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See Homepage. This page: A handy gadget for the 1930s' motorist, an on-board brake testing indicator.

A permanent in-car brake efficiency meter.

Many hands-on motorists even today will have encountered the Tapley brake testing meter, usually mounted in a wooden box and placed in the footwell of a car, to analyse the performance of the car's brakes. At one time they were in regular use in MOT stations, and even now on unusual cars, or those too low to fit on the garage's rollers, the trusty Tapley will be dusted off and pressed into service. This though, while related to the boxed variety, is a version of the Ferodo (Tapley) "Brake Efficiency Indicator", designed for permanent installation within cars of the 1930s.
The Brake Efficiency Indicator
Owners of Nissan Skylines and other gadget-laden road-rockets probably think that G-meters and deceleration meters are recent inventions, but as this proves, the keen automobilist of the pre-war years often yearned for more data on his or her automobile's performance too. To buy proper garage equipment, such as the Weaver brake tester, would simply be too expensive for most motorists. The device shown here offered a more affordable option. Badged as a Ferodo product, but actually manufactured by Tapley & Co., the Brake Efficiency Indicator was put on sale in 1934. This is how it worked:
"The indicator has three small windows which correspond to braking efficiencies of 20, 30 and 50 per cent, and when the brakes are applied a coloured shutter comes into view through one of the windows, thereby registering the braking effort exerted and, additionally, the number of feet required to pull up from a speed of twenty miles per hour. Although only three percentage efficiencies are normally shown, the instrument can be made to indicate intermediate and additional percentages by making a slight adjustment."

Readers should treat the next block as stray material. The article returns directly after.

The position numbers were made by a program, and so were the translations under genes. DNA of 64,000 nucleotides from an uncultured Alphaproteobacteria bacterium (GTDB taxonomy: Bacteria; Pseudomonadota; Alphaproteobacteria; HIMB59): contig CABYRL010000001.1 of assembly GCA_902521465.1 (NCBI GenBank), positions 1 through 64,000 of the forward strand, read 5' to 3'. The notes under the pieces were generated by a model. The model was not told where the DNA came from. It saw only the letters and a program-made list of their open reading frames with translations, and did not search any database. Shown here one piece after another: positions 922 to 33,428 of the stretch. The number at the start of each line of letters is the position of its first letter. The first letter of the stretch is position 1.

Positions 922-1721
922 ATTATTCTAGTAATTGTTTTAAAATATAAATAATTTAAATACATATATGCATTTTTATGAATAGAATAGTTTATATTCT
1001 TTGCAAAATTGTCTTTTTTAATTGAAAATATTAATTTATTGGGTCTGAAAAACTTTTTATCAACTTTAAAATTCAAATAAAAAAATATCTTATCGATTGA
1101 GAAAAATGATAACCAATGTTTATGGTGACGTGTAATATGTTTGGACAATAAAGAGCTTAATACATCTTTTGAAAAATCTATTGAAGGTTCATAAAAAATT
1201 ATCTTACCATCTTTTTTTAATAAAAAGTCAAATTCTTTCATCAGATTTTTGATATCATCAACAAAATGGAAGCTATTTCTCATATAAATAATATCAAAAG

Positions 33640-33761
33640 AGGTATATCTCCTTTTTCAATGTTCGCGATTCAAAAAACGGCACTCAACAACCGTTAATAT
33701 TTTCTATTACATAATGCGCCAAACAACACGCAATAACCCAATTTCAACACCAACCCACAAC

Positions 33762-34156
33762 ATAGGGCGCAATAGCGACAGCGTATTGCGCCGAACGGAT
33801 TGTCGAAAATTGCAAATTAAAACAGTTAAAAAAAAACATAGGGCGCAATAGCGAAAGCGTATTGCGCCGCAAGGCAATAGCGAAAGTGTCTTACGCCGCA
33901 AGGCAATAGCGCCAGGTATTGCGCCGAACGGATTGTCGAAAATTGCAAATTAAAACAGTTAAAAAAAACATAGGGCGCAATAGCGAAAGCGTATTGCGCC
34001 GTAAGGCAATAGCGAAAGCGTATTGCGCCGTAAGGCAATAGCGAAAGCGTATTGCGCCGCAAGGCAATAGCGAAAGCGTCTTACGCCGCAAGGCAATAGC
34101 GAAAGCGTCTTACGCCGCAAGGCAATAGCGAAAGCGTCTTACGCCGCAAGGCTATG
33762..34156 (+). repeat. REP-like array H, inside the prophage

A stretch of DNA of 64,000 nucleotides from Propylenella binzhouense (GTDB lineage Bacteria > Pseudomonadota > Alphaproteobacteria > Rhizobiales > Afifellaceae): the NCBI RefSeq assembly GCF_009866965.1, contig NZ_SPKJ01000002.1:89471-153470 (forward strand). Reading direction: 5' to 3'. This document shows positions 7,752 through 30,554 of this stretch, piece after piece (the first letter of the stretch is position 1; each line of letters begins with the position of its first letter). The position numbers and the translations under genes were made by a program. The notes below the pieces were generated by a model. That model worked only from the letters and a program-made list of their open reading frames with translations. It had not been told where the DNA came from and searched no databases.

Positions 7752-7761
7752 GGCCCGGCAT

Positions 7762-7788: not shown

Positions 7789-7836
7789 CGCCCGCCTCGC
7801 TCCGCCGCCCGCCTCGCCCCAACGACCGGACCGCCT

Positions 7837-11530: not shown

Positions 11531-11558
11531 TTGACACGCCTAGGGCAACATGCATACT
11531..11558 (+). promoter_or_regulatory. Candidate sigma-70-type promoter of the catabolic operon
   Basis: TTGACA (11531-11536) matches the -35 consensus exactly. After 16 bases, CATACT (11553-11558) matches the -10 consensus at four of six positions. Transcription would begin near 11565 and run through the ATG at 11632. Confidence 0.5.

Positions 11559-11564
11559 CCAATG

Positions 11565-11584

The unit was designed to be screwed permanently to a car's dashboard (easily done, as in the 1930s many cars still had a dash hewn from a plank of wood). If drilling the dash of your prized motorcar was a step too far, a bracket was available enabling the motorist to hang the unit from beneath the dash. Finished in chromium, it was designed to look the part in any cockpit, and was calibrated at the factory to offer an accuracy of +/- 1.5 per cent. The price was 18s 6d.
Whereas the box-mounted Tapley meters are quite common still, I've never seen one of these dash-mounted Brake Efficiency Indicators. If anyone has a photo of such a piece of equipment mounted in a 20s or 30s motorcar, I'd be interested to see it (see below). Other tools in this section include the range of Pickavant brake servicing tools.

An example turns up.

In January 2013 Ray got in touch, having found this page on the web. At the time he was in the process of advertising just such a machine, and was kind enough to send over a couple of photos of this surviving example. Evidently this brake efficiency meter comes with the bracket to enable its fitment to the lower edge of the facia. Thanks Ray.
A surviving Tapley brake tester
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